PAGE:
TV news anchor banned in Honduras as press freedoms continue to deteriorate

  • By Guest
  • October 15, 2014

By Christina Noriega

A Honduran appellate court has reinstated a 16-month journalism ban on news anchor Julio Ernesto Alvarado, the latest in a rally of court decisions and appeals since Alvarado was charged with criminal defamation for segments, alleging corrupt behavior of a university dean, aired on his TV program “Mi Nación” (My Nation) in 2006.

The announcement has reopened a debate about the state of press freedom in Honduras, a country that Freedom House demoted from “partly free” to “not free” in 2011.

“For eight years, Mr. Alvarado has been trapped in a web of judicial harassment and un-investigated threats,” said Marian Fraser, chair of PEN International, an international human rights organization to which Alvarado belongs.

Fraser condemned the ban, claiming that the case reflects how conditions for journalists have continued to deteriorate since the 2009 military coup in Honduras. She added that the case of Alvarado, who is the founder of PEN Honduras, “is a mockery of justice, and part of an alarming climate of violence, impunity, and fear in Honduras.”

The ban will not take effect immediately, but only after Alvarado had exhausted all of his legal options in Honduras, Dina Meza, a local human rights activist and legal advisor to Alvarado, told the Committee to Protect Journalists.

According to Honduprensa, Alvarado intends to appeal the decision at the Supreme Court of Justice and PEN International, in the meantime, has urged the Inter-American Commission on Human Rights (IACHR) to take up the case and to pressure the government into adopting precautionary measures to protect journalists.

At the center of the controversy are three TV segments that Alvarado aired in June and July 2006, alleging that Belinda Flores, the dean of the school of economics at the Autonomous National University of Honduras (UNAH), had awarded students falsified degrees in her previous university position.

During these broadcasts, Alvarado aired a live interview with university lecturer Carlos Gustavo Villela, who stated that a university investigation had confirmed the illicit actions by Flores. Alvarado also reported that Guillermo Ayes, the president of the teachers’ union at UNAH, had condemned her appointment as dean of the school of economics in the face of these revelations.

Alvarado was not the only one to report on the Flores case. The Honduran paper El Heraldo also covered the case, PEN International pointed out.  But his “Mi Nación” segments aired on Globo TV, a network that has been previously targeted by authorities for its loyalty to former President Manuel Zelaya after he was ousted in a 2009 military coup.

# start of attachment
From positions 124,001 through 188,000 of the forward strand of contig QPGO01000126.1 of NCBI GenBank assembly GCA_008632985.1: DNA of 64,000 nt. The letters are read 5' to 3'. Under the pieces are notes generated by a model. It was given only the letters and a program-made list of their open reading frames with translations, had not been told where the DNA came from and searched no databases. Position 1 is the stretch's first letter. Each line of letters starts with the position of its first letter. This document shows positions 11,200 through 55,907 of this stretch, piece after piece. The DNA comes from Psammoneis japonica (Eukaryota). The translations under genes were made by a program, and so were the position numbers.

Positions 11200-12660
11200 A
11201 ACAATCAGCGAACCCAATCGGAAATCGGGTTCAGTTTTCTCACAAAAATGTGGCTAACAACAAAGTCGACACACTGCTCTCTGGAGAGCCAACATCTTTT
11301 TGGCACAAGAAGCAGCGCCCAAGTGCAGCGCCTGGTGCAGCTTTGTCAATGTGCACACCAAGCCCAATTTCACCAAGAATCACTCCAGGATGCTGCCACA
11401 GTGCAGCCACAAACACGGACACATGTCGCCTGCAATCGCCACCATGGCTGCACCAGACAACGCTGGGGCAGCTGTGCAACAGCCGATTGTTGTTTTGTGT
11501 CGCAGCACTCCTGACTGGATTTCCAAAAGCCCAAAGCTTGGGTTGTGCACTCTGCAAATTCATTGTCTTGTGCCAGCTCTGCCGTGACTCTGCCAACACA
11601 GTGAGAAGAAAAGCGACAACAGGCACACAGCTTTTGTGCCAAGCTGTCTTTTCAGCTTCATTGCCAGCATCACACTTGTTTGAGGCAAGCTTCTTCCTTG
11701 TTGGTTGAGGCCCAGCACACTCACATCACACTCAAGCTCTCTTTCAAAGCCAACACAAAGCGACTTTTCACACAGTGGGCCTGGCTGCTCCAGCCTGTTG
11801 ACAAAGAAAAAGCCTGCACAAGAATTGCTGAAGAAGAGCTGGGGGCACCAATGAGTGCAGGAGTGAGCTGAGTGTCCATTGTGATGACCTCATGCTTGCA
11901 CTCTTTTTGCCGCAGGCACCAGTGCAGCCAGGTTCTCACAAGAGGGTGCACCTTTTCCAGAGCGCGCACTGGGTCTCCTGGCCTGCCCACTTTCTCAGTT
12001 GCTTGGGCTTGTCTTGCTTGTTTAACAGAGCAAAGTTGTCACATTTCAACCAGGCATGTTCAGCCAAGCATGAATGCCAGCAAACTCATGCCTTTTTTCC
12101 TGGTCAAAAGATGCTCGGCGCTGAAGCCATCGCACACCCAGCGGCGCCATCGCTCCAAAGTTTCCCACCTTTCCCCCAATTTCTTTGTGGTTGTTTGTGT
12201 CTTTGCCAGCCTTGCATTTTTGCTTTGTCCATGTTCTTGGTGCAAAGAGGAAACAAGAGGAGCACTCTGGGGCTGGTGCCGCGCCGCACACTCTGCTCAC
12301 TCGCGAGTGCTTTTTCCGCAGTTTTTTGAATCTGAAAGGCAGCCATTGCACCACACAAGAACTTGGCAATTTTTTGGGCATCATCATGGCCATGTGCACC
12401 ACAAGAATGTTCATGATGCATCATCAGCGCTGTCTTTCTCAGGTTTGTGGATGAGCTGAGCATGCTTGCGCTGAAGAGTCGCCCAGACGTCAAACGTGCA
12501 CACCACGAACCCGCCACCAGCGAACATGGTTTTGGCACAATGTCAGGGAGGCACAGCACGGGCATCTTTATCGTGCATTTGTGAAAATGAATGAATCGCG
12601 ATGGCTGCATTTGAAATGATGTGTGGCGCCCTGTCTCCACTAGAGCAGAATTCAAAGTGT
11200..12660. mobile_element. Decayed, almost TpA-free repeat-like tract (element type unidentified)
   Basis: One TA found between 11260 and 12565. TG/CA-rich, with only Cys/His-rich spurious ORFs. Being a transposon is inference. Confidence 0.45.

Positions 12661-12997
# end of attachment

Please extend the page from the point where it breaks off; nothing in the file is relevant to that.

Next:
Shortly after these segments aired, Flores accused Alvarado of violating Honduran criminal defamation laws, which the Organization of American States (OAS) and other human rights organizations have said act as a restriction on freedom of expression.

In 2002, the OAS made a broad call for countries with criminal defamation laws to replace them with civil defamation laws. While Honduras did repeal some criminal defamation laws in 2005, such as those targeting individuals who damage the reputation of public officials, other defamation laws – i.e. Article 160 of the Penal Code – still exist, and allow for up to two years in prison for individuals convicted of criminal defamation.

Although a court initially found Alvarado – together with Villela and Ayes – to be not guilty of defamation charges in 2011, Flores appealed the decision and the case advanced to the Supreme Court of Justice. In December of 2013, Alvarado was found guilty after the court rejected claims that he was sharing the opinions of Villela and Ayes, rather than his own. He was sentenced to 16 months in prison, during which time he would be banned from practicing journalism. Villela and Ayes, however, were found not guilty.

Alvarado averted prison time, initially, by paying a fee. And in April 2014, the judge reversed his previous decision, nulling the sentence given to Alvarado. Flores appealed, and on Sept. 22, 2014, the Court of Appeals again sentenced Alvarado to a 16-month ban from journalism.

Reporters Without Borders has called the ban “tantamount to censorship.” PEN International has alleged that the ban may be politically motivated, and has demanded a through investigation into the case. Furthermore, they have expressed concerns over the safety of Alvarado, who told PEN International that he has been followed twice since the Sept. 22 verdict was issued.

Note from the editor: This story was originally published by the Knight Center’s blog Journalism in the Americas, the predecessor of LatAm Journalism Review.

More Articles